Buckminster Fuller made a radical commitment to understanding, discovery, and research. He wanted to be a trailblazer, which is a risky role in any field. His life and his work therefore constituted a kind of noble gamble. For Fuller to be saved from being relegated to "cult-figure" status, his project failures (for whichever reasons) as well as his successes must be acknowledged.

Practical achievements and philosophical insights

Certainly, a number of Fuller's projects did not meet success in terms of commitment from industry or acceptance by a broad public. However, many geodesic domes have been built and are in use. According to the Buckminster Fuller Institute Web site, the largest geodesic-dome structures (listed in descending order from largest diameter) are:

  • Fantasy Entertainment Complex: Kyosho Isle, Japan, 710 feet
  • Multi-Purpose Arena: Nagoya, Japan, 614 feet
  • Tacoma Dome: Tacoma, WA, USA, 530 feet
  • Superior Dome: Northern Michigan Univ. Marquette, MI, USA, 525 feet
  • Walkup Skydome: Northern Arizona Univ. Flagstaff, AZ, USA, 502 feet
  • Round Valley High School Stadium: Springerville, AZ USA, 440 feet
  • Former Spruce Goose Hangar: Long Beach, CA, USA, 415 feet
  • Formosa Plastics Storage Facility: Mai Liao, Taiwan, 402 feet
  • Union Tank Car Maintenance Facility: Baton Rouge, LA USA, 384 feet
  • Lehigh Portland Cement Storage Facility: Union Bridge, MD USA, 374 feet

Fuller's development of the dome and his roles as a philosopher and as a gadfly within the design and architectural communities left an important legacy. He introduced a number of concepts, and if every one wasn't entirely new, we can still say that he honed each one well.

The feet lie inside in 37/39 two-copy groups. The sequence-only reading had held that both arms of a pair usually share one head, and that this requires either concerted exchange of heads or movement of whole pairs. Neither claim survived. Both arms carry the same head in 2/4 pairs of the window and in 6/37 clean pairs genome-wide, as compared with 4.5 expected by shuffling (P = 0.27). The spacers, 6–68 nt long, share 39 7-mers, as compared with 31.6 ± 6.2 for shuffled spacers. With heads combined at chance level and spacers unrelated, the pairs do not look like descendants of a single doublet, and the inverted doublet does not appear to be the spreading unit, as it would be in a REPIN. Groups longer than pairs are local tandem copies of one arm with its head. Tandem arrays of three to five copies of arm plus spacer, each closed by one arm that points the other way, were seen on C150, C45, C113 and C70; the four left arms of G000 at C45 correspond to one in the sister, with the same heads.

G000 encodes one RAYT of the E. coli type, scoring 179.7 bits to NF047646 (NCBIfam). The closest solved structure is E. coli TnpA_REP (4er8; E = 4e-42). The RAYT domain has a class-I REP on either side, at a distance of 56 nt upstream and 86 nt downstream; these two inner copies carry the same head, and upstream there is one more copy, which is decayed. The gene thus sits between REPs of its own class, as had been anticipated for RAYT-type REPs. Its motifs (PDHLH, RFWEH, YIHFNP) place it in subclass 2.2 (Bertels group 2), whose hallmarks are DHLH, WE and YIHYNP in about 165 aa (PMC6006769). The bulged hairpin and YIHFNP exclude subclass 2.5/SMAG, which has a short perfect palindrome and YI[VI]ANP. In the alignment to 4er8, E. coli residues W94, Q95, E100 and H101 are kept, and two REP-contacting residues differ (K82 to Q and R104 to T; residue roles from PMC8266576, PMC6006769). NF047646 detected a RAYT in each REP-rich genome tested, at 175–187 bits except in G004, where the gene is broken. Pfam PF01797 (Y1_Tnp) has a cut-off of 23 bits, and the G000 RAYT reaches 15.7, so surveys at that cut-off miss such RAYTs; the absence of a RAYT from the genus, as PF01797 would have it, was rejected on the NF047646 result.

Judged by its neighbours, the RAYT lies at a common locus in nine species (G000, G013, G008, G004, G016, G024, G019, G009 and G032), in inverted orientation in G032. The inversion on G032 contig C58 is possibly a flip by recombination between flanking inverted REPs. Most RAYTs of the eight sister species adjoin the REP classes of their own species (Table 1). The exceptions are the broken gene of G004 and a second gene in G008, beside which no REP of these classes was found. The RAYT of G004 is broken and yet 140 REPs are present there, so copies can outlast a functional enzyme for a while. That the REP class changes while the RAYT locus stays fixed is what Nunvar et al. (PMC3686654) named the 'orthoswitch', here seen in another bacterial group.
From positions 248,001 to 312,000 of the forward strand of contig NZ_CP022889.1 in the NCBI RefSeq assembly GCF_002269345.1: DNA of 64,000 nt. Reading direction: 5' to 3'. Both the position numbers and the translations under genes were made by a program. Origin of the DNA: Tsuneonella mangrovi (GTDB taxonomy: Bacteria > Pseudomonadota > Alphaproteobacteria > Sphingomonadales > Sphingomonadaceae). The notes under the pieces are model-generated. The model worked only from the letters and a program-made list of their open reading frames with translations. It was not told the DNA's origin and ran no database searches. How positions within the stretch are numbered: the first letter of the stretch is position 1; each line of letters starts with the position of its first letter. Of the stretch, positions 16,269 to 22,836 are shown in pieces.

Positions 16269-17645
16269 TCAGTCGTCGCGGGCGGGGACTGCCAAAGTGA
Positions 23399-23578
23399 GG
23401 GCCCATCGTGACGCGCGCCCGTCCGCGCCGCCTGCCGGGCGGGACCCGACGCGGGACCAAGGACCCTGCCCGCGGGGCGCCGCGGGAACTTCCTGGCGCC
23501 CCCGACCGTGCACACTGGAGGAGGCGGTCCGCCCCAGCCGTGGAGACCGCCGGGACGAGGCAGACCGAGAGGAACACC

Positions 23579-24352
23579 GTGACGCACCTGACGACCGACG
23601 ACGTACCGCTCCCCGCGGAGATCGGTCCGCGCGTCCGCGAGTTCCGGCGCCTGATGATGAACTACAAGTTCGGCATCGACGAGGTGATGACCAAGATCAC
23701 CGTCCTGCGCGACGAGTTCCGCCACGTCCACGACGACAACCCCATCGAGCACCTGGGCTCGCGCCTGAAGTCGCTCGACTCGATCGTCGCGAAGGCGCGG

Deploring waste, Fuller explored and advocated a principle that he termed "ephemeralization" – which in essence (according to Stewart Brand) Fuller coined to mean "doing more with less." In practice, it has often meant miniaturization, for example, as when table-model calculating machines were succeeded over time by smaller ones, until the calculator of today fits in one's hand. Fuller also introduced synergetics, which explores holistic engineering structures in nature (long before the term synergy became popular).

Besides important comprehensiveness of thought and certain philosophical concepts, Fuller's most lasting insights may be geometric. He claimed that the natural analytic geometry of the universe was based on arrays of tetrahedra. He developed this in several ways, from the close-packing of spheres and the number of compressive or tensile members required to stabilize an object in space. Some deep confirming results were that the strongest possible homogenous truss is cyclically tetrahedral, and all solids constructed of regular polygons, except the icosahedron, have a volume that is an integral number of unit-tetrahedrons.